Stickybottle

Road Safety Authority’s staggering views on cyclists in new column

Posted on: December 7th, 2018

Dublin traffic management reveals attitude to cyclists

A new column by the Road Safety Authority on cyclists is one of the strangest things you will read.

 

An anonymous “expert” with the Road Safety Authority has penned a staggering article in the Irish Independent about cyclists.

The piece is written by and “RSA Expert” and while some of the points in it definitely apply to some cyclists, it’s one of the worst pieces we’ve seen.

For an organisation that is supposed to promote road safety, for all road users, its contribution only serves to reinforce the anti cyclist stereotypes that it should be working to overcome.

The piece starts as strangely as it goes on, running under the headline: “Here’s how some busy bee cyclists are bending the rules of the road”.

There are a few catch-all phrases included that are intended to give the veneer of appealing to all road users, and not only cyclists, to behave more responsibly.

But they can’t disguise what this really is; a take-down of cyclists, all of which are branded as irresponsible by the tone of the piece.

A small number of incidents involving cyclists that the author claims to have seen are poured over at length as examples of how cyclists break the rules.

But there is no mention at all of the hundreds of thousands of offences committed by motorists every year; no appeal for an end to speeding, drink driving or using mobile phones, to name but a few.

Last year alone, for example, there were 148,000 fixed charge notices issued for speeding.

And 28,000 penalties were issued for mobile phone use. There were 9,000 cases of drink driving; that’s cases where the driver was actually caught.

All this when every single fatality on the roads involves a driver; though not all of them were to blame for those deaths of course.

Yet there is no mention of any of these things in the column by RSA Expert, which has been shared by the authority on its social media channels.

And what we end up with is an exercise in reinforcing the view that cyclists are somehow deviant and second-class road users.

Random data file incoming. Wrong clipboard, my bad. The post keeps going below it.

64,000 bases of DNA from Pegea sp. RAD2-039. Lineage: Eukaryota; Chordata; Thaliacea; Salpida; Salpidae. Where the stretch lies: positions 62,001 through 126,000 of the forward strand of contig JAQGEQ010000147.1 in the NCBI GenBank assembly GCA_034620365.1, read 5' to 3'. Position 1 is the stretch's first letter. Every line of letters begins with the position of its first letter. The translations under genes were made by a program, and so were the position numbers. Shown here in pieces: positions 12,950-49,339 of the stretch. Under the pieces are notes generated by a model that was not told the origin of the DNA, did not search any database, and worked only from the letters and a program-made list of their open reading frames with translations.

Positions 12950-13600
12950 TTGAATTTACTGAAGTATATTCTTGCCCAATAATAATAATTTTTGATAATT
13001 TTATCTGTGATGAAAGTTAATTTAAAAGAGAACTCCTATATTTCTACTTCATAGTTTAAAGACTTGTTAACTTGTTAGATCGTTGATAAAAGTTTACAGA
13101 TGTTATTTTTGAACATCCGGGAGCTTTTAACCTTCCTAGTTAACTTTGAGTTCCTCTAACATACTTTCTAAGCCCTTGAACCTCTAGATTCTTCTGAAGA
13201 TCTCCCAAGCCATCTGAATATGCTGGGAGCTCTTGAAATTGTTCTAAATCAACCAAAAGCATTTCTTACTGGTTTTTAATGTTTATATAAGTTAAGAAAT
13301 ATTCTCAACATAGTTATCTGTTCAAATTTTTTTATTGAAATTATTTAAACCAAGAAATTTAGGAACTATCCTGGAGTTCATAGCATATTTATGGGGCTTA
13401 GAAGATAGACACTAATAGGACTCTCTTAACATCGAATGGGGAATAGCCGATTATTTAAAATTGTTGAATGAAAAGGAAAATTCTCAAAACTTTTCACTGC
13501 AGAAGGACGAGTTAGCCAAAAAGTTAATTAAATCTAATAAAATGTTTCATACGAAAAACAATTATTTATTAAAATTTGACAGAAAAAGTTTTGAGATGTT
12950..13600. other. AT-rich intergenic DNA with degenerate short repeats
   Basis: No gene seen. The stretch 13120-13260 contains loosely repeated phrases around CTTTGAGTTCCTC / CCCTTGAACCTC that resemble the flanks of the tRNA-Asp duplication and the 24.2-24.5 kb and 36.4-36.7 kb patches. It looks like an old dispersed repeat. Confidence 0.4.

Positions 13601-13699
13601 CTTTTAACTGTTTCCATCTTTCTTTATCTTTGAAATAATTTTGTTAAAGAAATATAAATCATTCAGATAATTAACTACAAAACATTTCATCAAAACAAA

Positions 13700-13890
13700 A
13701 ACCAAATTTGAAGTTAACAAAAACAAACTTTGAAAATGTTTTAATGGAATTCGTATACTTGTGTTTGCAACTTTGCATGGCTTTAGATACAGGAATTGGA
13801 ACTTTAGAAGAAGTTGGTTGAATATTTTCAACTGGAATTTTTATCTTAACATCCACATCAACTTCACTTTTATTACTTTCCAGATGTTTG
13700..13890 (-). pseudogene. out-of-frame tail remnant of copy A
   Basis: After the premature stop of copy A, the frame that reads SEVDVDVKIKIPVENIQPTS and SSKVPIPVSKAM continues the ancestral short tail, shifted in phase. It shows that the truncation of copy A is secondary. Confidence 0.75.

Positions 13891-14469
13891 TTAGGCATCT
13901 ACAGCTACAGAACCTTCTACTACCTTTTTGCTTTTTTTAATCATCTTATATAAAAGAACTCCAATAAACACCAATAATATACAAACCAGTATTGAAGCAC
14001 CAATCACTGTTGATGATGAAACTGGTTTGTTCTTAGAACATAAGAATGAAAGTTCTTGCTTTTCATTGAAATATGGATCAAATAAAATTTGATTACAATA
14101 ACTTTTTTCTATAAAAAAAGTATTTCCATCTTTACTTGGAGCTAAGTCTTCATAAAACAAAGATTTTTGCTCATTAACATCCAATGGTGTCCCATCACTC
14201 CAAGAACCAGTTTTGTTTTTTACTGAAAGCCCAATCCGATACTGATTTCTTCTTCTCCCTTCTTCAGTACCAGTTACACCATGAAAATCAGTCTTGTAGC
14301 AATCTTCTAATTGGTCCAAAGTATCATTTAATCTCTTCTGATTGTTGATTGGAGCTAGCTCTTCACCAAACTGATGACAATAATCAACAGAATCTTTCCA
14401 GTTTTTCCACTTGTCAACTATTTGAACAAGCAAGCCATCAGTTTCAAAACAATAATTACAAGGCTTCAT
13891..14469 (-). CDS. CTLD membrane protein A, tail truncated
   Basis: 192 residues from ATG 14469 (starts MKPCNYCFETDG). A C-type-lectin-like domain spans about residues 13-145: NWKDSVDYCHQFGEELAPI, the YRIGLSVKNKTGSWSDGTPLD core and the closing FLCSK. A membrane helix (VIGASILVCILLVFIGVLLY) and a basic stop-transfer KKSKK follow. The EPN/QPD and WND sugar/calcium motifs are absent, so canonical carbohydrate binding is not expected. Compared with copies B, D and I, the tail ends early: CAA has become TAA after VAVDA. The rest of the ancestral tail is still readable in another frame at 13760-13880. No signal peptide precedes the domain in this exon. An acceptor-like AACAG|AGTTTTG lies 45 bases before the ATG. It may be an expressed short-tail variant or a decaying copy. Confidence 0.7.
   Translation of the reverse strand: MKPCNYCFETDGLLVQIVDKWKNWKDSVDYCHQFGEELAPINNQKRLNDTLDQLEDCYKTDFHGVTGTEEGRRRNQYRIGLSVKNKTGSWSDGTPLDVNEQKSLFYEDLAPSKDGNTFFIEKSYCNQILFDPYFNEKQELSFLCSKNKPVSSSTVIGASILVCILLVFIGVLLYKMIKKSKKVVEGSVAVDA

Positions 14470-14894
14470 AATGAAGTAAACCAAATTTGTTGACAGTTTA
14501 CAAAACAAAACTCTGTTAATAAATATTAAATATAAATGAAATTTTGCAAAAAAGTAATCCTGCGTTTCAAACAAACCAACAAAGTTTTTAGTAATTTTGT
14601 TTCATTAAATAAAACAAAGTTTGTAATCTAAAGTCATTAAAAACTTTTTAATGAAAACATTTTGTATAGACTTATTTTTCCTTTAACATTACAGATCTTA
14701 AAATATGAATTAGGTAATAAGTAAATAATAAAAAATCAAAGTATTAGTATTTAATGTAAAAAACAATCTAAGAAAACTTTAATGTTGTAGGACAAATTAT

“While their country cousins are happy to slot into a leader’s slipstream, some city cyclists are battling it out for first place on the cycle path,” the column states.

“No one wants to be stuck behind the poor struggling climber (who is just short of being pushed up the hill).

“But weaving in and out of traffic and clipping wing mirrors is risky for both cyclists and others. I’m not saying that motorists are without fault – far from it.”

There then follows some limited examples of poor driver behaviour, but none of the most serious and most repeated offences.

“The RSA’s recent advertisement asking motorists to give up to 1.5 metres of space to cyclists when passing has, by and large, yielded a positive response,” the writer states, which will come as news to many cyclists.

“So, if we are beginning to see motorists respect cyclists more, then equally cyclists need to respect the more vulnerable pedestrian,” it added.

This might have been a good time to mention that of the 39 pedestrians killed on the roads so far this year; all died in incidents with drivers in vehicles, and none of them was killed by a cyclist.

But there is no mention of this.

The RSA writer than adds they witnessed a parent holding the arm of their child to prevent a cyclist crashing into them after breaking a red light.

“All the cyclist could say was ‘sorry’, after which they hurtled onwards, minus any helmet or high-visibility gear,” the writer adds.

There is no mention of the fact helmets are not compulsory, but the suggestion is left in the air that not wearing one is the act of an irresponsible road user.

And there’s no mention of the fact high-vis clothing is also not compulsory (though advisable when need) even when it’s dark.

The writer adds of seeing the cyclist break a red light: “This is not an isolated incident. I see cyclists breaking pedestrian lights all the time.

“I’m talking flat out, Tour de France-style as pedestrians on opposite sides frantically bump into each other to avoid being flattened.”

Have a read of the full piece by following this link. And you might think of taking to social media and tagging the RSA to let them know how you feel about it.

Some cyclists definitely break lights and some are generally irresponsible. At stickybottle we have not been slow to highlight incidents involving cyclists who hit the headlines for the wrong reasons.

But mapping the offending of some cyclists onto all of us, as the RSA has clearly done in its new column, is unspeakably ignorant.

The RSA doing it in a national newspaper in a column with no mention at all of drivers speeding, drink driving and using mobile phones is genuinely hard to believe.

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